Here’s the thing: they can’t fix the shoulder until they figure out about my blood. They waited for about eight weeks to do the procedures they are going to do this week, and then wait another two weeks until they can repair the shoulder. So, to recap – two Fridays ago was Christmas Eve. Last Friday was New Years Eve. This Friday – two days from now – they will go exploring all inside of me, and then next Friday is my birthday! The following Friday, they will do the shoulder surgery, which will mean 4-6 weeks without the use of my right shoulder at all, and then a ton of physical therapy (translation: tons of pain), with the hopes that by probably June, I will fit as a fiddle.
Now, I have already told you more about me physically than I ever cared to, or plan to again. First, I hate to share that, and second, I really can’t imagine you are all that interested in my organ recital. But I hope it explains the huge gap that has existed in my writing to you. Even this little bit of writing, with my right shoulder and arm pinned against my side, means that I’ll be taking an Advil when I get done.
The greater and more profound reality for me in all of this, is coming to accept the fact that after spending 65 years with not much of anything bothering me, except for some nuisance things that require some pills and better diet, I’m at the point for that “150,000 mile checkup,” and I’ll be in the shop for a bit to rebuild and renew a few significant parts of the body. I utterly hate it, but we are past that point, so I guess it’s off to see the wizard, and throw the bucket of water on the witch, and get on to the health and long life that I truly need to claim.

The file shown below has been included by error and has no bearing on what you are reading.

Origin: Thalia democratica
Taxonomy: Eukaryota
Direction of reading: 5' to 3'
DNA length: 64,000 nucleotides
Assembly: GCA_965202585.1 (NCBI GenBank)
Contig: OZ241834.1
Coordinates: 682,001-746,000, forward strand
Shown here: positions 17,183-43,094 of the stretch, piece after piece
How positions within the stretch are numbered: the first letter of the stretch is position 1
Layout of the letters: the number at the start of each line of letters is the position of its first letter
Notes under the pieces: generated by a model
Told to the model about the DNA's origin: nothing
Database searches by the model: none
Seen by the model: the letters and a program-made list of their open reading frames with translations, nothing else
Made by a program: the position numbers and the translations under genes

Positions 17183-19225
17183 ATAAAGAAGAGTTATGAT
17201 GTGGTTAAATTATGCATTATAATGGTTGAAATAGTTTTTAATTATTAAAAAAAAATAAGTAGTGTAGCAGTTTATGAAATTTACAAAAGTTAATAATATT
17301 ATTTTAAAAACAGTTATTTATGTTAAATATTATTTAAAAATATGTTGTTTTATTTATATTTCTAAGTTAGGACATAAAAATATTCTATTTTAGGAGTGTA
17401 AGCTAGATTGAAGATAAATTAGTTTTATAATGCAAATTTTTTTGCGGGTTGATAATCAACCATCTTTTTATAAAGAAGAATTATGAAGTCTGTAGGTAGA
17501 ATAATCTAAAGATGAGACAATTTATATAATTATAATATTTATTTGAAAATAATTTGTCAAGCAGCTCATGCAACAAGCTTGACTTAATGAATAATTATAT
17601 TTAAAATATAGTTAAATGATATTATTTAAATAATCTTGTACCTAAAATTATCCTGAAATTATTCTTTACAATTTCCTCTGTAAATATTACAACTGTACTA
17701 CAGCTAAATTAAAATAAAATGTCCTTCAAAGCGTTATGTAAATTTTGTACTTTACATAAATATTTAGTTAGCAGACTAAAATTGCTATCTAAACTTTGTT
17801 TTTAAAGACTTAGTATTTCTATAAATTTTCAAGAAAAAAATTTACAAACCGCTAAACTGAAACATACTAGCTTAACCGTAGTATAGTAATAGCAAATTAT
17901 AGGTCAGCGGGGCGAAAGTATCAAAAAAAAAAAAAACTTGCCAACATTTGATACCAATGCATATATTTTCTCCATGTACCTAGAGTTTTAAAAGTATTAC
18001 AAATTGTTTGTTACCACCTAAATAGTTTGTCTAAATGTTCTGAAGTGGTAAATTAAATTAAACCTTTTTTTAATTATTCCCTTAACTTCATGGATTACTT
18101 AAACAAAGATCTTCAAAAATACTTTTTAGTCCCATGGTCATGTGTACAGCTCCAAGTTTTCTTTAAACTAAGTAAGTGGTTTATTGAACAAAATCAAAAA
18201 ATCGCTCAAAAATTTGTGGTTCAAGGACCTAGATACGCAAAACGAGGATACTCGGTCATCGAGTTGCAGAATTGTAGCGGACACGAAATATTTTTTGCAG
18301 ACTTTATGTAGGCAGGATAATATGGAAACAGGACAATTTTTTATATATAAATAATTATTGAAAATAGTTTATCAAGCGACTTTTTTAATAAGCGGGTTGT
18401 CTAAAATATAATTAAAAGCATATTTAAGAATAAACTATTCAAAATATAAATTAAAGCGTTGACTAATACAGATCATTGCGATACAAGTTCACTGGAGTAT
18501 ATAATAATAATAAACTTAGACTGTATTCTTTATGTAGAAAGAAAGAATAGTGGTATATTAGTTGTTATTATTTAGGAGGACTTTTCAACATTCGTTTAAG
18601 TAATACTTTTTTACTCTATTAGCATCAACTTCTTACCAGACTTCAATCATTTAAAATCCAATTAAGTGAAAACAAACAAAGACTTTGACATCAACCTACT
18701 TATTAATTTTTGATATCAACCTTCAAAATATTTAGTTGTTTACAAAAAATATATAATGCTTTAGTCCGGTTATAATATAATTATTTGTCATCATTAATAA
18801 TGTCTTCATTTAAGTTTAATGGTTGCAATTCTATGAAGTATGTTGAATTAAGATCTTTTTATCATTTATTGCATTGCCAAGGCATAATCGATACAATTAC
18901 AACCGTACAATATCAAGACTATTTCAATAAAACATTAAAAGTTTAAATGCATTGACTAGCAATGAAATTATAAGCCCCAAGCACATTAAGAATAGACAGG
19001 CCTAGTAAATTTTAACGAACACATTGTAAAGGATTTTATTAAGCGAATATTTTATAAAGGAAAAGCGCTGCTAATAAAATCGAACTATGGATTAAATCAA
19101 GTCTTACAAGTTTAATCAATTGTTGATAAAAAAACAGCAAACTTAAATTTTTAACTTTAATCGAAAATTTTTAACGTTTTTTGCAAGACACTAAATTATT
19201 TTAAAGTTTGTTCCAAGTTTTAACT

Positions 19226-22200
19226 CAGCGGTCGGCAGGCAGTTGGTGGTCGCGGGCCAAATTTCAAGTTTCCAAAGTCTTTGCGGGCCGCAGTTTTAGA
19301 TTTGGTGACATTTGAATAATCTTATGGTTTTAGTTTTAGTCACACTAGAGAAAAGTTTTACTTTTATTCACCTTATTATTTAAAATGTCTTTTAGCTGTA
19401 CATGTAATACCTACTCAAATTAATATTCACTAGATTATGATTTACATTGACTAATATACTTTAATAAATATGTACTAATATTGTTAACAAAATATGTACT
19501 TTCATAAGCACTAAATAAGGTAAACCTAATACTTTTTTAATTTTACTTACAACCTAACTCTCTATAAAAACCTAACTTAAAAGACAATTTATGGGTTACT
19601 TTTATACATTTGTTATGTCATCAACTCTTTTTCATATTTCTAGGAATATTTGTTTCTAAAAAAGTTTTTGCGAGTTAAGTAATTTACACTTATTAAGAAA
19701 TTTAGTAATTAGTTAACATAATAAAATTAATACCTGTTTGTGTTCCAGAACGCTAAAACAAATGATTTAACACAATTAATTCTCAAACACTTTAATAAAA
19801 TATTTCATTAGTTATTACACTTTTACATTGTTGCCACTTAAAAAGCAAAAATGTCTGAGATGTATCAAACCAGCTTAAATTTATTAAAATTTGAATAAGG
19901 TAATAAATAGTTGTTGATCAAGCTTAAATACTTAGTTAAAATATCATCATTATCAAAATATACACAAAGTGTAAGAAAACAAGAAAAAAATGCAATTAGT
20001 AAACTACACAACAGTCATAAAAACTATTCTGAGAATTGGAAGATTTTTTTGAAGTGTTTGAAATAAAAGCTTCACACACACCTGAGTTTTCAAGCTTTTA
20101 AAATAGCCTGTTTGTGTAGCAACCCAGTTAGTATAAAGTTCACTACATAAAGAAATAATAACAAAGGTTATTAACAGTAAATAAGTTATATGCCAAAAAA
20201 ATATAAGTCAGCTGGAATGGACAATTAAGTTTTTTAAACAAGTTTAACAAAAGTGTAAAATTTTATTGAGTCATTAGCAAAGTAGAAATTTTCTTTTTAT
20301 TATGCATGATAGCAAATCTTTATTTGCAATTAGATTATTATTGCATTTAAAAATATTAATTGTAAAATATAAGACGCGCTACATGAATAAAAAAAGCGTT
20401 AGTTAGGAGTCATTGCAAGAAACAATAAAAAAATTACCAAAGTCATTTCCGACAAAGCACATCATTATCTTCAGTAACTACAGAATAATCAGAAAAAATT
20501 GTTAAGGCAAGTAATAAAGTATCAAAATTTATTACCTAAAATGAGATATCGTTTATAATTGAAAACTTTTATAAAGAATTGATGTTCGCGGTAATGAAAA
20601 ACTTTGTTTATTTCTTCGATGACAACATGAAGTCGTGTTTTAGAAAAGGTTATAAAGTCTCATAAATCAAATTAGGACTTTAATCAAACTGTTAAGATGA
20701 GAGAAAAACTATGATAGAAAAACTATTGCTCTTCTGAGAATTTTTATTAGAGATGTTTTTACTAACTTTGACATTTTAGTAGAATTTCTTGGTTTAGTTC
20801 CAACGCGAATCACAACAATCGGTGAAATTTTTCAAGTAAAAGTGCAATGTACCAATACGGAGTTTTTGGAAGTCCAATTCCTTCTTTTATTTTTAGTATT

I thank you for your prayer, and your thoughts of me. It’s not all about me, but for now, I’m what I am thinking about, I guess. I hold on to the song, “In Christ Alone.” Keith Getty wrote profound lyrics. The third stanza especially captures me:
No guilt in life, no fear in death – this is the power of Christ in me!
From life’s first cry to final breath – Jesus commands my destiny.
Blessings in this new year – and I’ll try to stay in touch.
After 43 years of ministry, Randy Cross lived his "fourth life" and shared about retirement, living boldly and intentionally in our world. To be sure, there was some North Dakota thrown in.